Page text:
Kitchen Wizardry

We’re gearing up to start a kitchen refurbishment and that always means I’ve made a list and I’m checking it twice. Ok, it’s not as much fun as Christmas, but the checking of that list is vital to the ease of the project and when someone else is picking up the tab, I take it seriously.

installing base units

installing base units

On the checklist today, do all the units fit into the run? That sounds pretty obvious, I know, but recently the guys have been fitting a kitchen for a client who was adamant she didn’t need help because the supplier ‘had done all of that for her.’ She ended up with units missing – simply not ordered – and other units that were too big for the space. Who had actually checked this? This type of oversight causes delays that mean your workforce will be left with nothing to do. A workforce with time on their hands will leave site and go on to other jobs! If you’ve commissioned the kitchen yourself and there is no project manager on the job, you MUST make sure that someone (you) knows what is on the order and that the measurements are correct for your space. You will need to know this because the workforce will be asking you questions throughout the fit out and they will need answers.

Have you ordered a plinth? This is the strip of wood/kitchen unit that goes under the base of the units to cover the legs of the carcasses. If your kitchen is free standing, you won’t have a plinth. In that case, have you ordered decorative legs?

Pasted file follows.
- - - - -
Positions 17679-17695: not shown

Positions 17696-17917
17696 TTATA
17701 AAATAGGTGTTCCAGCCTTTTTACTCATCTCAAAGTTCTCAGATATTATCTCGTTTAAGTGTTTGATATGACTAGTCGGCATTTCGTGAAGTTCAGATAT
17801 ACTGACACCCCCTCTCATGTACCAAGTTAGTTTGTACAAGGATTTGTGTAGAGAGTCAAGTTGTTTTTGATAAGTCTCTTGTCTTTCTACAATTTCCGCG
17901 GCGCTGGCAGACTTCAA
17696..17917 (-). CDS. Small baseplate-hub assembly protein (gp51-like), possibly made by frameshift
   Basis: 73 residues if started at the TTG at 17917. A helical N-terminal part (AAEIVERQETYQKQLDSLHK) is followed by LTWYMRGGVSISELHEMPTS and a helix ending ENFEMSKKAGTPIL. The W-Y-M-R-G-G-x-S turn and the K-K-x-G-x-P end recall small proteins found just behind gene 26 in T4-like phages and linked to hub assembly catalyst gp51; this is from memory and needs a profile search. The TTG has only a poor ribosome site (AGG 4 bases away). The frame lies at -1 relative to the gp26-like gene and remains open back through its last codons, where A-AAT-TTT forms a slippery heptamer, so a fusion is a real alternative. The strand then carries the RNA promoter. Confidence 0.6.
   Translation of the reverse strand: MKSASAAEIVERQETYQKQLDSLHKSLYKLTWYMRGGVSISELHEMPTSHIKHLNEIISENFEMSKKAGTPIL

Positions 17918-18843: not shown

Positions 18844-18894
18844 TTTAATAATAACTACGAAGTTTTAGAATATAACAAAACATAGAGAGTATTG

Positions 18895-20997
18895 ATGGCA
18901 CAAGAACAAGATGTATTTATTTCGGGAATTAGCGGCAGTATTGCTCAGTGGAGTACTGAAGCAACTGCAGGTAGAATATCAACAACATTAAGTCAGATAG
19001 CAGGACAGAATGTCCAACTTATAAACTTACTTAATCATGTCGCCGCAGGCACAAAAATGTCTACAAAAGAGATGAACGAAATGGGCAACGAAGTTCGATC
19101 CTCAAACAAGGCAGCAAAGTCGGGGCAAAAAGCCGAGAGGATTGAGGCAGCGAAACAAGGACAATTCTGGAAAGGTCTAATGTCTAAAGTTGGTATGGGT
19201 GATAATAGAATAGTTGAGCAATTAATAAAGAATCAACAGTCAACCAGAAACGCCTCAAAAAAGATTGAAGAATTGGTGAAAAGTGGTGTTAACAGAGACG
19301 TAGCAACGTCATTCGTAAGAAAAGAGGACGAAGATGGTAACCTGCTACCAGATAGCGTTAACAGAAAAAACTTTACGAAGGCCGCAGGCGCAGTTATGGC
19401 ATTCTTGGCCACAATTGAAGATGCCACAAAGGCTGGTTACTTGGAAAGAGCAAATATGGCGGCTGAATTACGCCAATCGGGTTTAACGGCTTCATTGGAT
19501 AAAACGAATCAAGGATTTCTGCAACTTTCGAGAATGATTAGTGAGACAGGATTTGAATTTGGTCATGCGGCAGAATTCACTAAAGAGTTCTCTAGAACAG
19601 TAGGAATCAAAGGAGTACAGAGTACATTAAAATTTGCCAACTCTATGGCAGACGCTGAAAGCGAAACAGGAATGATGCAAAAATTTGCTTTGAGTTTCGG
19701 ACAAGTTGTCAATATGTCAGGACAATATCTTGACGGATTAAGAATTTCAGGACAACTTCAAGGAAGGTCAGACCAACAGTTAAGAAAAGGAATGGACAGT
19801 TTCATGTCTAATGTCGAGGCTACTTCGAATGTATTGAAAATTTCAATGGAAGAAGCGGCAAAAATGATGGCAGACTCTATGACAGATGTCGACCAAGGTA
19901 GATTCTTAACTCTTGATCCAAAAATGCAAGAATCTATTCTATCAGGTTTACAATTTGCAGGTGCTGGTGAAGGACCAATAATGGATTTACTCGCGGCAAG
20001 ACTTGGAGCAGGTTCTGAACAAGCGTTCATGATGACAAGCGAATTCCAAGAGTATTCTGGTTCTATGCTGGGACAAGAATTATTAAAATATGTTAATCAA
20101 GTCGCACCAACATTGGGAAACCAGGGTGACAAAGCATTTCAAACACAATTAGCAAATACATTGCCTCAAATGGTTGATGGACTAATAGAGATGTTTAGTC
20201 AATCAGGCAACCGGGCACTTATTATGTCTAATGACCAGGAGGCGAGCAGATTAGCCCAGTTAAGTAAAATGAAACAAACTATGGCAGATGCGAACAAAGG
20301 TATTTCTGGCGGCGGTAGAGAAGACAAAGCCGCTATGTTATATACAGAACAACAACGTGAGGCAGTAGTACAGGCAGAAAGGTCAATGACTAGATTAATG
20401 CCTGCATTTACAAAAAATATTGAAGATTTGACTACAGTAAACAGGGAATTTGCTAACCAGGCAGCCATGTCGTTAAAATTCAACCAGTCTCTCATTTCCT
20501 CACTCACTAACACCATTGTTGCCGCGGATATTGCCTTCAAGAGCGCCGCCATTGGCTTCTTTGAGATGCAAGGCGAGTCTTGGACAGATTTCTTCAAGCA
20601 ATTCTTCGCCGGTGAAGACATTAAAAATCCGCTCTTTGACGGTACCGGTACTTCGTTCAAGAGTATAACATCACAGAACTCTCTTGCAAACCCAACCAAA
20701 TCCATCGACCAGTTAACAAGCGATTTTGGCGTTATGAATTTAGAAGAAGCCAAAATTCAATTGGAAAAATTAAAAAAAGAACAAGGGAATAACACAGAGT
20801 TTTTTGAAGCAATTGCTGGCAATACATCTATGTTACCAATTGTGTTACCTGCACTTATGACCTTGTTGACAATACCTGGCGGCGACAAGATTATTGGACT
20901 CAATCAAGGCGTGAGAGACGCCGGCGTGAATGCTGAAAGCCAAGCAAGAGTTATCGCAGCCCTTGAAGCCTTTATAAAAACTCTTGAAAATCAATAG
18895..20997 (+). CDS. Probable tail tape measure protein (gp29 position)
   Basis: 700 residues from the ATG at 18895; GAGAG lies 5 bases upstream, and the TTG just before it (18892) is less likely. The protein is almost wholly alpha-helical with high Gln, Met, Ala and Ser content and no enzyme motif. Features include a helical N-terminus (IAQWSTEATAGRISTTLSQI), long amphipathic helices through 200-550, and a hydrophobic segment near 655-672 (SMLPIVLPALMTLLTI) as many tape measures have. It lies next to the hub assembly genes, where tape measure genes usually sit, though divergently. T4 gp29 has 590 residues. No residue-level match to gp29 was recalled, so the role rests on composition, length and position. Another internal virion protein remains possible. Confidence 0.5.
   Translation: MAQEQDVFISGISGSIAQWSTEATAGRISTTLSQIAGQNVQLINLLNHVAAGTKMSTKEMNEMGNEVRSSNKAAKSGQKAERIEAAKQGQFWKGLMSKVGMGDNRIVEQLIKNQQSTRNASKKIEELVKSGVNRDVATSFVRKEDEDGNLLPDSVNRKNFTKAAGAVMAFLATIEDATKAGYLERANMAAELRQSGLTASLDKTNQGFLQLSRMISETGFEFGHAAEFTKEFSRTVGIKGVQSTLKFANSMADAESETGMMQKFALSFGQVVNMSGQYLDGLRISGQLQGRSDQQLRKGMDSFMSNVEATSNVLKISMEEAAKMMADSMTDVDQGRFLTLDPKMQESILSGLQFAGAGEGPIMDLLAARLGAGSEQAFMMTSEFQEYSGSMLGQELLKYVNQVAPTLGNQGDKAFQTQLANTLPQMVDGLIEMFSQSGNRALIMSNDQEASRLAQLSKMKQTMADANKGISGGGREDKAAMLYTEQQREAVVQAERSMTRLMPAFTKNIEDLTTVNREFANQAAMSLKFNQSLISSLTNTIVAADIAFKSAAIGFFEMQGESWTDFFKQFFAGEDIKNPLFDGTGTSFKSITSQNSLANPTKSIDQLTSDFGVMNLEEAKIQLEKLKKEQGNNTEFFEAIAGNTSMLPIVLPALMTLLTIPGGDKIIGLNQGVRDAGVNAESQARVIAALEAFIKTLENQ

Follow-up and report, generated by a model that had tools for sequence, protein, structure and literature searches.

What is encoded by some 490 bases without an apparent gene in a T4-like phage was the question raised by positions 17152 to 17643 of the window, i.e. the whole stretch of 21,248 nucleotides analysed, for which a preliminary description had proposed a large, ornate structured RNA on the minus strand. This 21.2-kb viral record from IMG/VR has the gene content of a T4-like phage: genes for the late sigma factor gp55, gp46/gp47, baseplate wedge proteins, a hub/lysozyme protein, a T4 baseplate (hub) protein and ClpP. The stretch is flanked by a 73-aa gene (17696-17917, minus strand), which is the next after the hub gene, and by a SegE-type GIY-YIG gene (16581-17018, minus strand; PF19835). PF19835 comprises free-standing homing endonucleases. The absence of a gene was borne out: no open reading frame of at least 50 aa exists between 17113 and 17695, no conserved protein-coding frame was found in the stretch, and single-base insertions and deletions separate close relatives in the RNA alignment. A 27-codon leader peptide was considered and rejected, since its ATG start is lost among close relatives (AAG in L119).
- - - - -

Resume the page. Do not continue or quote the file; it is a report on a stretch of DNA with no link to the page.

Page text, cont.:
positioning end panels

positioning end panels

And what about end panels? If your kitchen has an exposed end – and doesn’t run from wall to wall – then you will have the end of the run showing. This will need covering with an end panel otherwise it will likely not be the same finish as your kitchen doors.

Have you ordered drawer frontals? The drawer units don’t include the panels that cover the mechanism. Check how many drawers there are in the unit and the sizes of their frontals. And do they have handles? Check the type of closure mechanism too.

Have you ordered a sink? And does it fit into the sink base unit?

kitchen elevation

kitchen elevation

Al these things need considering and if you can’t take that sort of time when you’re at work, employ a project manager. It isn’t an extravagance to know that you have someone on site regularly who has first hand knowledge of the order, who can chase suppliers and who will direct the workforce. A project manager will refer any pressing concerns to you but keep everything else on track without you having your boss breathing down your neck. This is not only about piece of mind if you haven’t done a kitchen refurbishment before, it’s about using someone who has the right skills for the job – who is used to working with building contractors and suppliers – and this means that errors are more likely to be caught before they become full blown disasters.

It’s only when you have this level of detail covered that you can start to think about gadgets, but firstly let me say that ‘American’ style fridge/freezers need water supply and modern regulations require good extraction/ventilation. The basic purchase price doesn’t include the costs you will incur from running pipework and electrics to accommodate the appliances themselves. These are not hidden costs, but the appliances will not work without additional preparation being done to make your space suitable for their installation. You will have to factor this into your budget.

choosing finishes